Those were the days when you could just look at a woman and get her pregnant. In fact it was the only way to get them pregnant back then because they sure as hell weren’t having sex with us. What a terrific day this was. Prior to the coming of women, this was a peak experience day (again I need to work on that last sentence).   

A Day in the Life Reprise

This is normally where the conclusion portion of a memoir would reside. But these memories never conclude. Rather they persist, stay with you and become a part of your story. And even if they may be a little revisionist, they’re far less mythic than other stories we hold dear. As I recall my youth I realize performing skilled glass work at LB Smith developed in me both a sense of accomplishment (providing material value at a really cool economic stratum) and gratitude (so thankful I never had to wear bullet proof jump suits when I worked). Being privy to such a mechanically steroidal world informed me in ways that may account for my unique interpretation of Shakespeare’s immortal line:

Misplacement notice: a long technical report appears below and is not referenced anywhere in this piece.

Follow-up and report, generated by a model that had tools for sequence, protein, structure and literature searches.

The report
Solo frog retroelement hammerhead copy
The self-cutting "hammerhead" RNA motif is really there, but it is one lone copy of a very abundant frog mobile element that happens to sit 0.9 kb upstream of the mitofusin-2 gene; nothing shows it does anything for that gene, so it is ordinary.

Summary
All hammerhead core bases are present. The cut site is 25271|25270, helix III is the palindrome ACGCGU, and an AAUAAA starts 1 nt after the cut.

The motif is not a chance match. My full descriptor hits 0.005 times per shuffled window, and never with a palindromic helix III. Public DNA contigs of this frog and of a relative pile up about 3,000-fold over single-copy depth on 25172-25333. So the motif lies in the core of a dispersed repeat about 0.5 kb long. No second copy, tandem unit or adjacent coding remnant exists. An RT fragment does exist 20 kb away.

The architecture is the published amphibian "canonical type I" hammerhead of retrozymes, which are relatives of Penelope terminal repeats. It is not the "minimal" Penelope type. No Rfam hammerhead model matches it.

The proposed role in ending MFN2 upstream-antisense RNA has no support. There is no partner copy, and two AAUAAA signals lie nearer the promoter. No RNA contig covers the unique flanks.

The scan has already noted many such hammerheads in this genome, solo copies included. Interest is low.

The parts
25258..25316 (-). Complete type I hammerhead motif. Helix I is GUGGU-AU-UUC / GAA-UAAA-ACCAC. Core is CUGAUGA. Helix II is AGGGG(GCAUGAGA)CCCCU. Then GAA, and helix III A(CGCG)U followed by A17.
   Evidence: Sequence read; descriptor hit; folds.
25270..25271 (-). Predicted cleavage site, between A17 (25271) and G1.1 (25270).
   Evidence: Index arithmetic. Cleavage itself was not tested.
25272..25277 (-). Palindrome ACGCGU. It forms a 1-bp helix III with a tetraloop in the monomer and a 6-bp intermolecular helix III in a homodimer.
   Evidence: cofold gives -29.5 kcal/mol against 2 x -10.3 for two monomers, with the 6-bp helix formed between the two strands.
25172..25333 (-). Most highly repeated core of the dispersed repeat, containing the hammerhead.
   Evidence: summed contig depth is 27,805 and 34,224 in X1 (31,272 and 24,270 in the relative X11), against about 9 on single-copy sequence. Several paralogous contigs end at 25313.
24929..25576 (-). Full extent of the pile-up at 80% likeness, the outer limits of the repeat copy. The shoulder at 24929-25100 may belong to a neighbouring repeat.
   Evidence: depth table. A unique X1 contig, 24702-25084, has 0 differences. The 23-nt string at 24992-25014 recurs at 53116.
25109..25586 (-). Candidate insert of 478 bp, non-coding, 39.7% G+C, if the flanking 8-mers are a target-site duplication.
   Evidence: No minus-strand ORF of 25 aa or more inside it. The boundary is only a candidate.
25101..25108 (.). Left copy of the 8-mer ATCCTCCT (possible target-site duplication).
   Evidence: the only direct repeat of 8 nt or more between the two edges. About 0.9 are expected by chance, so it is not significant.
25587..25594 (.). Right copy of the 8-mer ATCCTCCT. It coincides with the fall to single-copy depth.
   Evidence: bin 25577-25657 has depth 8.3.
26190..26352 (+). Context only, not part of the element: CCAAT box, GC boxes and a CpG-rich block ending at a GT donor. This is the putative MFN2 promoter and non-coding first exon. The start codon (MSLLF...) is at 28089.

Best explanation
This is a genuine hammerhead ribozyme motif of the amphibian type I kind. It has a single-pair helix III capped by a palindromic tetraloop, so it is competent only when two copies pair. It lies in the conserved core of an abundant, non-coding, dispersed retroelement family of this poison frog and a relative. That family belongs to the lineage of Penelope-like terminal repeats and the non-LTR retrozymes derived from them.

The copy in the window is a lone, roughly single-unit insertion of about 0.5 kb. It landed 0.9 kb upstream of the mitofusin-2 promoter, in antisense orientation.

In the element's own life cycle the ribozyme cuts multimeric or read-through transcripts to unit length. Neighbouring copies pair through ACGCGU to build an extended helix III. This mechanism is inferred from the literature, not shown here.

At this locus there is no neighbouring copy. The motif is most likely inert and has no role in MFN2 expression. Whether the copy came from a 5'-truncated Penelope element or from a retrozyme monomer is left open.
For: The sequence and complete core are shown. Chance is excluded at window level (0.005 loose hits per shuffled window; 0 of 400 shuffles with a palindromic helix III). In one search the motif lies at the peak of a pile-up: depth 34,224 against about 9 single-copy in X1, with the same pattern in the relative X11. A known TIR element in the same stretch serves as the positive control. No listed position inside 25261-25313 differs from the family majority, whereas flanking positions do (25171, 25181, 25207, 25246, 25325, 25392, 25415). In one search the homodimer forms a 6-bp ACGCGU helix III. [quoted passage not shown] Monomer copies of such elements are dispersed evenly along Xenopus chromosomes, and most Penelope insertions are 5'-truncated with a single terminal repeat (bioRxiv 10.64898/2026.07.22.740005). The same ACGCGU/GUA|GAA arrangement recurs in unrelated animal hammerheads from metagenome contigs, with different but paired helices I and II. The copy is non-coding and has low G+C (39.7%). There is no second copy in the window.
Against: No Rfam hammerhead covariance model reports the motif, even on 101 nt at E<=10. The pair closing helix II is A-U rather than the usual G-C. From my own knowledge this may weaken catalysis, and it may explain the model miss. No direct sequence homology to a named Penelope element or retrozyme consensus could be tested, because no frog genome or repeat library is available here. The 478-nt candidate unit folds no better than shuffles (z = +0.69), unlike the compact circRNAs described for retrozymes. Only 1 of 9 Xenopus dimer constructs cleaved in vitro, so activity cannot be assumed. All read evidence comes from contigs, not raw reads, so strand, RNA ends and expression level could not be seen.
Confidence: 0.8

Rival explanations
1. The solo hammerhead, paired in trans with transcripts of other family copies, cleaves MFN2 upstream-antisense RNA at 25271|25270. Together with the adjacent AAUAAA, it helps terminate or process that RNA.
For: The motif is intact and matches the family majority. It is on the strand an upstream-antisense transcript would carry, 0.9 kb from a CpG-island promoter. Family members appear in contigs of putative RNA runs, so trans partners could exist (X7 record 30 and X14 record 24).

–       Parting is such sweet sorrow      –

That may be true, but it really depends on what it is you’re parting.